Sometimes a first isn’t necessarily history making. Sometimes a first is just a major first for a company. Red Horse Racing had never won on a mile and a half track. Wins on Restrictor plates, and the smallest tracks in the circuit seemed to be the group’s forte. So when they finally managed to win on a mile and a half track at Las Vegas, it was huge for the team. It was a validation that they do belong, that they can run on any track, with any team in NASCAR.
In every series, there is a cross over. All three series have drivers who will come to the lower, or try their hands at higher series on the national tour. The problem is the Nationwide series has become so diluted with Cup stars the stat of regulars winning is a outrage.
In the Camping World truck series? Totally different story. Of twenty two races ran, fourteen were won by a series regular. It’s a good and comforting stat to know with as bad as the Nationwide series is, that sixty-three percent of the races the driver in victory lane was a series regular.
ThorSport Racing and Matt Crafton let it be known early that this year would be theirs. Johnny Sauter and Crafton won the first three of four events in the season. Adding to that for the first sixteen races, Crafton didn’t finish outside the top ten. As a matter of fact, nineteen of twenty-two events saw Crafton finishing tenth or above.
The win, coupled with the string of top ten finishes put Crafton out front, his lead never in jeopardy. It even allowed the 88 to contend for the driver’s championship against the truck of Kyle Busch Motorsports that had won more races.
When we reached Homestead for the final race of the season, all Crafton needed to do to clinch the driver’s title was roll off pit road. After doing so, his focus turned to the owner’s title which he narrowly lost for ThorSports. However, the ease in which he won the driver’s title was attributed to his dominate consistence.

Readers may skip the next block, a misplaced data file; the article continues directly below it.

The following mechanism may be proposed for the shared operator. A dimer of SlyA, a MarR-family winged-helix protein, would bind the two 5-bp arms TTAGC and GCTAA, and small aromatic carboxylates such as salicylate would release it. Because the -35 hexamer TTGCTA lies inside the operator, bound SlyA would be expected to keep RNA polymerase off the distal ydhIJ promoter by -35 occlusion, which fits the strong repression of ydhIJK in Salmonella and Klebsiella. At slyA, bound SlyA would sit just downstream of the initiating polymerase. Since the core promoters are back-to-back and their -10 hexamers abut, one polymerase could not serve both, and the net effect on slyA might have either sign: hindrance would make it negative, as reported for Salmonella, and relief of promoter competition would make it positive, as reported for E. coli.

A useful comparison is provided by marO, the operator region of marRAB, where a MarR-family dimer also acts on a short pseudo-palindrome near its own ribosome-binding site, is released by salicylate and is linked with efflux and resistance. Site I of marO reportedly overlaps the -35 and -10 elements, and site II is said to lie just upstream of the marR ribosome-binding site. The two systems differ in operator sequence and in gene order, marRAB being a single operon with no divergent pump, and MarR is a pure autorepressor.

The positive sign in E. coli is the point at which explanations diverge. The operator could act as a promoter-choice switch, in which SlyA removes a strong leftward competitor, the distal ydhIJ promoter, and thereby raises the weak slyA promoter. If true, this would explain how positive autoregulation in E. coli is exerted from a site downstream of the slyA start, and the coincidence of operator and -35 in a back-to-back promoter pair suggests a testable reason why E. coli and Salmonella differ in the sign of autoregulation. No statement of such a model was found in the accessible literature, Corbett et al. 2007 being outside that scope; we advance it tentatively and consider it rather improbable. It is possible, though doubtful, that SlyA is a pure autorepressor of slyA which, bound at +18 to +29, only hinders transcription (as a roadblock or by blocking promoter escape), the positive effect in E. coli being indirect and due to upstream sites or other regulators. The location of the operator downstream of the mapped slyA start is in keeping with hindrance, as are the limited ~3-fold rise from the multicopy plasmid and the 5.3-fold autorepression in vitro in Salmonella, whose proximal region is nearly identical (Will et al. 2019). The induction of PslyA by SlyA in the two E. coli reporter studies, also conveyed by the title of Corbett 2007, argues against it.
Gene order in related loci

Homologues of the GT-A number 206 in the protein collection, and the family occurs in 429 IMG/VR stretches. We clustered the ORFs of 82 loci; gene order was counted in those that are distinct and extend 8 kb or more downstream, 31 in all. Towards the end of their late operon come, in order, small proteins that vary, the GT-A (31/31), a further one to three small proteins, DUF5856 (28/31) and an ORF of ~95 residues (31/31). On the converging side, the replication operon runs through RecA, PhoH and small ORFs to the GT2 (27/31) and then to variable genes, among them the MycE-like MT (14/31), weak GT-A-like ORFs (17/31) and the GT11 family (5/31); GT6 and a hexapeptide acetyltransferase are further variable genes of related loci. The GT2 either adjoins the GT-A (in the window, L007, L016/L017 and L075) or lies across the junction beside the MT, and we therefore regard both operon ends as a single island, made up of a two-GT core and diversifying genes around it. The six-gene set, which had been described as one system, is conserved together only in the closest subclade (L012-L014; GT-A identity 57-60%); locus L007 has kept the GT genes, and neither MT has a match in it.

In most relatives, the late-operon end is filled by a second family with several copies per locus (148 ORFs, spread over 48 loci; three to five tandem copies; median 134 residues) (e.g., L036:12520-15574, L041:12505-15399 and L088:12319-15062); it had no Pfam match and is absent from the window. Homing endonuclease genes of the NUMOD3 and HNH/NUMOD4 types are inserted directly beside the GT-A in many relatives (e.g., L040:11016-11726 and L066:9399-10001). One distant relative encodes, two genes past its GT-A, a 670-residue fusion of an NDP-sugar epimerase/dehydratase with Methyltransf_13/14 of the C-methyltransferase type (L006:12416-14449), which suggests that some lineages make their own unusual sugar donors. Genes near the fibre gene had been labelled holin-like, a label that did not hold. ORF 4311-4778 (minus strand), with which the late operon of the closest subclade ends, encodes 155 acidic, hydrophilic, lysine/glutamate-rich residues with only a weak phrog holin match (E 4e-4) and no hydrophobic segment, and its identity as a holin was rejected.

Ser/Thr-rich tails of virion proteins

Guard began to change for the future.
A youth movement that began in the lower series about three years ago is beginning to go full circle into the Sprint Cup series. Kyle Larson (officially) and Austin Dillon (unofficially) will contend for Rookie of the Year honors in 2014. Chase Elliot is a potential Nationwide driver, with James Buescher, Ty Dillon, and Jeb Burton also planning appearances. The guard has began to change for the future.
The Camping World Truck series has had some of arguably the best racing in NASCAR recently. The failed Gen-5 car from a racing stand point, and cup stars spoiling the Nationwide series keeps the Truck series clean. Pure almost, in some ways.
As the series becomes the true training ground for future cup stars, it looks bright. Amazing races like the Canadian Motorsports Park, and Eldora will keep the future alive and bright for many years to come.
Random Sports/Non Sports Thought:
Hey, hey, heyyyyy! Guess what day it is! No, it’s not hump day, it’s Sons of Anarchy Night!
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I’ll be back here tomorrow as promised with a review of the 2013 NASCAR Nationwide Series!